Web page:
Birkin was always so matter-of-fact about sex, even if she was the first woman to show pubic hair on the big screen in 1966’s Blow-Up, in an orgy with David Hemmings. This sexual insouciance hung around her like a halo in all her photos and films, a liberalism that was somehow inherited by her daughter, who eventually scandalised France herself, with her dad on Lemon Incest in 1985, and many times again, such as in Antichrist for Lars von Trier.

That’s why Charlotte’s film of her mum is so intriguing, so appealing – you watch this creative, artistic, unkempt family do ordinary things like having breakfast, yet they appear so louche and loose, as if they never, ever tidy up. The Gainsbourgs were reality TV before it was invented.

Jane’s mother was actress Judy Campbell, a towering and domineering figure herself beloved of Noël Coward. Jane told me her mother made her feel like “a mouse”. Despite the psychological damage this dismissiveness might have wrought, Birkin found a way to square it with herself. “She said I was lucky to be like a mouse, because people would take care of me. She used to say that if you’re dark and six foot and glamorous like she was that no one asks if you’re all right, but with me they’re always concerned I’m about to faint, so they look after me. I suppose I am lucky like that.”

I remember, too, finding her very conflicted about her status as an export. Although she was eventually awarded an OBE, she found returning to London challenging every time. She thought the English could see through her, that she wasn’t interesting and had had to go to France to become so. “‘Is that all there is to her?’ That’s what they think, perhaps rightly” she said, glumly.

In the end, she was the Frenchest of us all, and somehow also the most British. Brexit, I do know, offended her greatly but when I ventured to ask her about it at Cannes in 2021, she whispered that it was too ugly to talk about and wafted it away like a wave of nausea, her nose turning up at the smell of it.

“Sans Jane”, was the simple headline in Liberation on the Monday morning after her death, suggesting life in Paris, in France, would be diminished by her passing, that we would have to get used to life without her while also heralding her ascension to one-moniker status – it may be a plain name here, but there’s only one Jane in France.

She’s so bound up with Gainsbourg, of course, but she was so much more than that. She was his best side, gave him legitimacy, leniency, indulgence, credibility, beauty and preserved his pop poetry even when he was at his most loathsome. Even by leaving him, she added to his narrative and reclaimed her own, seemingly effortlessly segueing into a relationship with director Jacques Doillon (with whom she had daughter Lou) yet remaining inextricably part of the Gainsbourg myth, all her life and now in her death.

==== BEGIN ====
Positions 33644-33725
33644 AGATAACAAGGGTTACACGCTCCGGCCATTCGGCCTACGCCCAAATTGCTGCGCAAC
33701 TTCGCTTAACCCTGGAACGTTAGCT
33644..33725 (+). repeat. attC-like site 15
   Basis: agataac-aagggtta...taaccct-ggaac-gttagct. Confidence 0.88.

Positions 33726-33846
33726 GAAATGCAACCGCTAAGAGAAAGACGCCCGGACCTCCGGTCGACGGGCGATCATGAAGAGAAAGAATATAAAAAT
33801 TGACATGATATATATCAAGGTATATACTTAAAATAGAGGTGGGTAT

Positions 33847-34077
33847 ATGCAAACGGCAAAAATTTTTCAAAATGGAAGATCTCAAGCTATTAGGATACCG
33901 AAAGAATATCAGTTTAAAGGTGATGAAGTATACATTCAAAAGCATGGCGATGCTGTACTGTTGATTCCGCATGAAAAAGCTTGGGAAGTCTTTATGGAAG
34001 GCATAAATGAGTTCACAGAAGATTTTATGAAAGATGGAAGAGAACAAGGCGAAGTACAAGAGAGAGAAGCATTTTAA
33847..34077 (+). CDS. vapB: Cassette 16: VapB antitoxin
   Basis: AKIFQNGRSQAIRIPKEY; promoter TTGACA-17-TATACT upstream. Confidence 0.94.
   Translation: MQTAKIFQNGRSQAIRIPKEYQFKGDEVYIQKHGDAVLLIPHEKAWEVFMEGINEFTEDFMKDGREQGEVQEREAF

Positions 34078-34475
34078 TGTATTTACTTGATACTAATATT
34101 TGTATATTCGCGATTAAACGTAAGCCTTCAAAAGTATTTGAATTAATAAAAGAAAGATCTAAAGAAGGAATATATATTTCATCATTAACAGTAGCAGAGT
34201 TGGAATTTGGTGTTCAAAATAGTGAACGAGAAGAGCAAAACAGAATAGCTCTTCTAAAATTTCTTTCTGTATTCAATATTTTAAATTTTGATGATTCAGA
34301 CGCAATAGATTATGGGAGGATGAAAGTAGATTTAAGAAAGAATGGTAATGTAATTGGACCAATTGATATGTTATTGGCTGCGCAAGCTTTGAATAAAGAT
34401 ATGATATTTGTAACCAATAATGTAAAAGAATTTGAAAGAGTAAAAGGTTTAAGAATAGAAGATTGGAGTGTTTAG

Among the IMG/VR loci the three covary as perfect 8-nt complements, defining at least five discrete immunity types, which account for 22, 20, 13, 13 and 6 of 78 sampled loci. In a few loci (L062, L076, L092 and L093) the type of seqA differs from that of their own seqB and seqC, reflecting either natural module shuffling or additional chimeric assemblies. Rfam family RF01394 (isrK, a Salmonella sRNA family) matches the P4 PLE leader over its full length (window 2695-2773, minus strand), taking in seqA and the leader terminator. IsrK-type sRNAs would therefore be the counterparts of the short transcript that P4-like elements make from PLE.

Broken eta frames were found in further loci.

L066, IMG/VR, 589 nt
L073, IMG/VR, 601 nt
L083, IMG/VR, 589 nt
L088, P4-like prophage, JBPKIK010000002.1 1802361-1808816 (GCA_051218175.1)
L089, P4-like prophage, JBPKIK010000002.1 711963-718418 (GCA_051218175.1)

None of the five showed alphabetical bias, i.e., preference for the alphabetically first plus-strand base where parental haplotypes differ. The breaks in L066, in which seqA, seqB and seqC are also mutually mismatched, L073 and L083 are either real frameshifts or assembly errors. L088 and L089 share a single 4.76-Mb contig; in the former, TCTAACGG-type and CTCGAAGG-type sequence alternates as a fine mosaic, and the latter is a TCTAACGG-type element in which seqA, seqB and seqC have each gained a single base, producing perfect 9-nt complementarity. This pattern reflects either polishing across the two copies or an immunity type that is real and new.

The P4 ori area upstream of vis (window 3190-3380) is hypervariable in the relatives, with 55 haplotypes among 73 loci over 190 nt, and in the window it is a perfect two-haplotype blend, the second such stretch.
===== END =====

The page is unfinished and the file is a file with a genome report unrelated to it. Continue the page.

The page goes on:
It’s a shock because, with Jane Birkin, an era of highly desirable European glamour has been extinguished. She joined the EEC before we did, maybe she played a part in forging it and she even ended up outlasting it, a role model of a life for all those dreaming of escaping dreary old England and infusing our class system with a bit of eroticism.

If she had stayed here, bullied by John Barry, her first husband, she may have ended up in performance or hanging out with the Stones in Morocco but Marianne Faithfull got that gig. Instead, Birkin found herself, her voice, her look, her sexuality and her light in Paris. They were thrilled to have her and considered her far more exotic and erotic than we did. Did the British establishment feel snubbed by her defection? We had Twiggy and the Shrimp, we had plenty of Janes – we had Charlotte Rampling and she left, too. And Kristin Scott Thomas.

But for all their bilingue smarts – they were probably better French speakers, more grammatically correct, with more accurate accents – those two actresses could never match Jane’s instinctive take-up of French attitude, corporeally and mentally, the symbiotic way she seeped into French culture and the way it seeped into her.

So in the end, her French life was her great performance, the photos with Serge, the free-spirited mothering of Charlotte and Lou, the cabaret concerts and TV appearances, the way she so publicly and openly shared her pleasure and her personal pain. And the way she rolled with it, as you could see by her whirling, gangly, lovable dancing on stage during her concerts and how she whispered confidences and wisdom like secrets scooped from the bottom of a battered leather bag, that never went out of shape or style. She was brilliant at it.